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Cannonball Adderley Peers into the Future
Remembering a visionary recording by the Cannonball Adderley Quintet from 1967
Welcome music lovers to another edition of ‘Listening Sessions.’ A warm hello also to any new subscribers who have recently joined. So glad to have you here.
Today’s essay deals with one of my favourite albums by altoist Cannonball Adderley: 1967’s 74 Miles Away. The title track, written by Adderley’s pianist, Joe Zawinul, is a visionary chapter in the efforts to fuse jazz with rock. When I first heard it on the radio almost 25 years ago, I was astounded by what I heard. I remain so to this day and hope what I have written may bring this music some of the attention that it so richly deserves.
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Like many before him and after him, Julian “Cannonball” Adderley sought his music fortune in New York. A native of Florida, he had spent five years as the band director of Fort Lauderdale’s Dilliard High School before moving to the Big Apple in the summer of 1955. The initial plan was to undertake graduate studies at one of the city’s music conservatories, but one night at the Cafe Bohemia sitting in with bassist Oscar Pettiford’s band changed all that.
The news travelled all around town: the successor to the recently fallen Charlie Parker had arrived, here was the new King of the Alto. Graduate school was shelved in favour of the life of a working jazz musician, and Adderley formed the first of his small groups with his younger brother, Nat, on cornet. Immediate adulation turned to sustained leaner times. In 1957, Adderley disbanded his quintet and accepted an offer to take John Coltrane's place in Miles Davis’ group.
Coltrane soon returned to join Adderley in Miles’ band to record some of the most remarkable small-group jazz ever waxed: Milestones (with Red Garland, Paul Chambers and “Philly” Joe Jones), a May 1958 session (with Bill Evans, Chambers and Jimmy Cobb) that yielded, among other treasures, the definitive reading of ‘On Green Dolphin Street,’ and finally, the epochal Kind of Blue (with the rhythm section from the May 1958 session plus Wynton Kelly guesting on ‘Freddie Freeloader’). Newly emboldened, Adderley left the group to once again lead his own band. He never looked back.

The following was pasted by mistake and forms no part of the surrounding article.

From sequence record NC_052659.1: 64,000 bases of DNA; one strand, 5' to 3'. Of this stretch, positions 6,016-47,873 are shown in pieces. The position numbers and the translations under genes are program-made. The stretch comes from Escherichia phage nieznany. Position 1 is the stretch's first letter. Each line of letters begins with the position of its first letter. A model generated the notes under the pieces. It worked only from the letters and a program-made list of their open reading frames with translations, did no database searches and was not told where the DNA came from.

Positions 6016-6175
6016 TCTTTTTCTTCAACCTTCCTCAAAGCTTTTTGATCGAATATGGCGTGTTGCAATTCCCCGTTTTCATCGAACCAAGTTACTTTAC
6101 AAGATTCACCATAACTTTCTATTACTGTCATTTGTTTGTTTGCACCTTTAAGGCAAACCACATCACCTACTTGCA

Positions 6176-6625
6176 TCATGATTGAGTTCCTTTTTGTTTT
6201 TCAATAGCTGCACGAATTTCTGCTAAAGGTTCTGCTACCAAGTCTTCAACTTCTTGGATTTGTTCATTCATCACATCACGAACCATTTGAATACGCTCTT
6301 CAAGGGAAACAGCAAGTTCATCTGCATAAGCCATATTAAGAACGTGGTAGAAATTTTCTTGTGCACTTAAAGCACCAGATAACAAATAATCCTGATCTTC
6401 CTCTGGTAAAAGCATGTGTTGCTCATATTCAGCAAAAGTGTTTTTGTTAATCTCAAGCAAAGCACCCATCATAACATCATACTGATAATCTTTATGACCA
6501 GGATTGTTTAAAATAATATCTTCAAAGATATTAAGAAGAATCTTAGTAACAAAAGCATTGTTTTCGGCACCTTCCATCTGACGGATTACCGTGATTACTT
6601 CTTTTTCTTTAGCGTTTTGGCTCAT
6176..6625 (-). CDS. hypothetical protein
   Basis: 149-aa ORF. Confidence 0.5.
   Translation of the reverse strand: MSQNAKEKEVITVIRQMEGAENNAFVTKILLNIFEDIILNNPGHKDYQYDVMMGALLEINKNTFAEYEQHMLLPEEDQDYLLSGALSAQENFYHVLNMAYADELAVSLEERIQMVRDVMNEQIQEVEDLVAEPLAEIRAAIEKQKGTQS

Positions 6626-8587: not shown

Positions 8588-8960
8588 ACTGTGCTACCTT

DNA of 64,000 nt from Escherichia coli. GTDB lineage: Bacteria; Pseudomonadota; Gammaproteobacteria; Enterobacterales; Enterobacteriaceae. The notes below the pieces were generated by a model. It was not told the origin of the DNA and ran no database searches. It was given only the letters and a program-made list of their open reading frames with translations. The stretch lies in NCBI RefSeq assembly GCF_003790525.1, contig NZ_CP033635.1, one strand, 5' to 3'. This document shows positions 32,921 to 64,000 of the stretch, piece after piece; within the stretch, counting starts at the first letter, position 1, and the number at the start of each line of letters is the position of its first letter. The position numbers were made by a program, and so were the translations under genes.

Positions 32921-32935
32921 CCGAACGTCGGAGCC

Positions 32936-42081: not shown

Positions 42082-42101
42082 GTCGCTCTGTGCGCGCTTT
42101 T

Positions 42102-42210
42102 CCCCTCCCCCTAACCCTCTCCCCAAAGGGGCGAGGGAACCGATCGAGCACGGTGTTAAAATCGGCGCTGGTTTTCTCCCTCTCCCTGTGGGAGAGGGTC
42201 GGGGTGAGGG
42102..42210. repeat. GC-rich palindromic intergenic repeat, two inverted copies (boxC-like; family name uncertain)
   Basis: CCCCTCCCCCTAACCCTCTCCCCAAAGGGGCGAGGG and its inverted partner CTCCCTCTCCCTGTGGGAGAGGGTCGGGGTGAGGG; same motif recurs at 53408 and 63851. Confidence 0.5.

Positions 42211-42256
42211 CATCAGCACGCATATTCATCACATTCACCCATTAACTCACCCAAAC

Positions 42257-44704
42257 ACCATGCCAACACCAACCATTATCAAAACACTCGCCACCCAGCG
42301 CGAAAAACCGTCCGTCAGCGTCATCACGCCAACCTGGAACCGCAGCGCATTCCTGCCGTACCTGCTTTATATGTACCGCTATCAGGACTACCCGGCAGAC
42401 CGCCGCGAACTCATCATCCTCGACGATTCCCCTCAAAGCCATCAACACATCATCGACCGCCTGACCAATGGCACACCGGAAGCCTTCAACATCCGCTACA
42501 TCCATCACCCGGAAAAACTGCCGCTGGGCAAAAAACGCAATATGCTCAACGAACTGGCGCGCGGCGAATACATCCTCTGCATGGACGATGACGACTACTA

Adderley's working group from 1959 to 1965 was anchored by Sam Jones on bass and Louis Hayes on drums, an unshakable foundation of in-the-pocket swing for Adderley’s extroverted alto and brother Nat’s tarter, more deliberate, cornet. The preternaturally funky Bobby Timmons was initially in the piano chair and wrote the first of the jazz lines that Adderley turned into a standard: ‘This Here’ or with the hip spin Adderley gave to the title, ‘Dish Heah.’ After Timmons left to join Art Blakey’s Jazz Messengers came Barry Harris then Victor Feldman and finally a 29-year old Austrian by the name of Joe Zawinul.
Arguably more than any other small group working in jazz at the time, Adderley’s group synthesised the many competing directions the music was taking, especially as the quintet expanded to a sextet with the addition of Yusef Lateef on tenor, flute and oboe in 1962 and after Lateef left a year later, Charles Lloyd on tenor and flute. In a single set, a listener could hear a blues, a gospel shout, a standard, a furious bebop line, a modal abstraction and at least one of several songs in Adderley band book that have become part of jazz’s lingua franca: ‘Work Song’ or ‘Dat Dere’ or ‘Jeannine’ or ‘Sac o’ Woe’ or ‘Unit Seven’ or ‘The Jive Samba’ or countless others. Indeed, it was the stage where Adderley’s band almost exclusively recorded with space always reserved for his soulful monologues offered with the cadence of America’s hippest baptist preacher. If jazz can be seen as a form of religion, Cannonball Adderley’s music showed how it can sooth, restore and ultimately fortify the soul.